Epidemiological consequences of reproductive senescence in a long-lived vector

Lead Research Organisation: University of Bristol
Department Name: Biological Sciences

Abstract

Tsetse flies transmit single-celled parasites - trypanosomes - to livestock with a single infectious bite. Once infected, the animal develops animal African trypanosomiasis (AAT), a fatal disease which kills 1-2 million cattle and costs sub-Saharan Africa 3-5 billion USD in lost agricultural potential each year. Strategies to control this disease are informed by mathematical models describing rates of parasite transmission between tsetse and hosts and changes in the numbers of tsetse.

A crucial aspect of an insect's ability to transmit a disease-causing parasite is its longevity and susceptibility to infection. For a wide variety of animals, longevity and susceptibility to infection are affected by the investment made by an individual's mother. This maternal effect is likely to be very important for tsetse because of their unusual reproductive biology. Unlike most other insects, female tsetse get pregnant, lactate and give birth to live young, which weigh more than the mother. Tsetse can survive over six months in the field with females producing a single larva every ~10 days. The close link between an individual fly and its mother suggests that there will be a marked maternal effect on tsetse longevity and immunity and hence parasite transmission. Models for trypanosomiasis are based on the Ross-Macdonald model for human malaria, however, and do not consider the role of maternal investment in tsetse population dynamics or epidemiology as malaria mosquitoes - like most other vectors - reproduce through egg laying.

This project will investigate how maternal investment changes with age and nutrition in tsetse, the consequences for offspring survival and ability to spread trypanosomes, and the contribution of these processes to tsetse population and disease transmission dynamics. We will conduct parallel observations of tsetse in the laboratory - using a large colony of flies at the Liverpool School of Tropical Medicine - and in the field, using flies of estimated age caught using an innovative sampling method in their natural habitat in Zimbabwe. We will experimentally manipulate nutrition in females and measure the costs of reproduction by preventing females from mating until they are older, to assess whether late-life declines in reproductive output (such as those reported in humans) reflect depleted resources or build-up of damage as a by-product of reproduction. We will develop new evolutionary models to understand whether such patterns represent adaptive strategies to maximize the total number of offspring produced in a lifetime, constraints due to physiology, or a combination of these processes.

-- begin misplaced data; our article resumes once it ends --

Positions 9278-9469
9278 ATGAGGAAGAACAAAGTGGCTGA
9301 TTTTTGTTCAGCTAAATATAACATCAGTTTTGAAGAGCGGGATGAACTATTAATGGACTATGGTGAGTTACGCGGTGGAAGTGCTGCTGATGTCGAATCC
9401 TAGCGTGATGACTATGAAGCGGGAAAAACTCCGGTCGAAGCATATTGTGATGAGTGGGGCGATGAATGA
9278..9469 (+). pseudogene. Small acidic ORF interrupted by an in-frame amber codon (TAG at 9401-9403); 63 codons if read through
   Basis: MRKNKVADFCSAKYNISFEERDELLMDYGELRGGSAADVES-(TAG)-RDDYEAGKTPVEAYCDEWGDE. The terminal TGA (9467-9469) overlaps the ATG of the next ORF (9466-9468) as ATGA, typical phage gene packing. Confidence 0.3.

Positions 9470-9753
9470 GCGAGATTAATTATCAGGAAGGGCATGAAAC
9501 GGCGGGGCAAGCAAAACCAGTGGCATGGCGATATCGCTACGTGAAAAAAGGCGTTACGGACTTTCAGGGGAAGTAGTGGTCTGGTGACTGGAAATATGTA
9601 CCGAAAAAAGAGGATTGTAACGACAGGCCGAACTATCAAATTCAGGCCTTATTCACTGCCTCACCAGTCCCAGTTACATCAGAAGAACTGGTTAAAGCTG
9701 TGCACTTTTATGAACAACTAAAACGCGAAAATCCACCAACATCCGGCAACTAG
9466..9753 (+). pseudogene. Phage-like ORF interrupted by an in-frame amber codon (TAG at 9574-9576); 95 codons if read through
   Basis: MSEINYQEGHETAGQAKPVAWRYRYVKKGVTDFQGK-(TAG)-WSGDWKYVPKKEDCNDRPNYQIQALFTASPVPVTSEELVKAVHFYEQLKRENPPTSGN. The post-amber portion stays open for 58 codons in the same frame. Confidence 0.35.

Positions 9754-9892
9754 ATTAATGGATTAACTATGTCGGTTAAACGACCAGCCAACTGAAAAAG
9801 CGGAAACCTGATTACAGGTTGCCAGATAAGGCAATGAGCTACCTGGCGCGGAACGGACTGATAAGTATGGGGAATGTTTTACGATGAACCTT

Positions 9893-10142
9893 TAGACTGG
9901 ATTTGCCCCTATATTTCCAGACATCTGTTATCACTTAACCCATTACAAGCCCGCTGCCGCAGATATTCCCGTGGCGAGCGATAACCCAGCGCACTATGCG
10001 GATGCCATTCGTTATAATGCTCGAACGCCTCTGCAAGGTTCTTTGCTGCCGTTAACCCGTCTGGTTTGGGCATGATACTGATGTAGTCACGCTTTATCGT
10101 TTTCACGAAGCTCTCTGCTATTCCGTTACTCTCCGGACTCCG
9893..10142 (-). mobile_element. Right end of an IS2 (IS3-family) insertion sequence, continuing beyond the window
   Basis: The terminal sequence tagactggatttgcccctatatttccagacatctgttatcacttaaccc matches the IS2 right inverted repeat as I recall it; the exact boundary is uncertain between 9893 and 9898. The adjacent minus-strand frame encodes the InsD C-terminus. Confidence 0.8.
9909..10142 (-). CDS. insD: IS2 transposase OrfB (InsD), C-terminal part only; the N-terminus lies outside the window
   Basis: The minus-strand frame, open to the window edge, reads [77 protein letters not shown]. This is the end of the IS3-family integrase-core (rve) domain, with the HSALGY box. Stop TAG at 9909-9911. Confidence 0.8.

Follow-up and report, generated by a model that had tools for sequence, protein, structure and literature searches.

We will follow offspring born to mothers of varying age and nutritional state to test whether offspring born to older or nutritionally stressed mothers are more likely to die young or become infected by trypanosomes. We will also test whether maternal effects are stronger in sons than daughters.

Finally, we will use insights from these experimental observations and evolutionary models to improve epidemiological models predicting the spread of tsetse-borne diseases. These diseases can persist at low prevalence and vector density, only to flare up when control efforts are relaxed or new habitats become suitable. Our new models will be used to predict the role of mothers in helping tsetse populations to persist or shift range as a result of human-related and environmental change. The accuracy of these models will be validated against existing data on the distribution and abundance of tsetse, their hosts and disease prevalence.

Technical Summary

Epidemiological and demographic models are essential for predicting and mitigating risks of vector-borne diseases to livestock and humans, including animal African trypanosomiasis (AAT), which is transmitted by tsetse flies. We hypothesize that failure to consider maternal investment and reproductive senescence in tsetse has limited the accuracy of models for animal trypanosomiasis.

Our aim is to improve models of tsetse population and disease dynamics, through the following objectives:
1. Establish how maternal investment changes as female tsetse age;
2. Measure the effects of maternal investment on offspring lifespan and capacity to transmit disease;
3. Elucidate how maternal effects influence tsetse population and disease dynamics.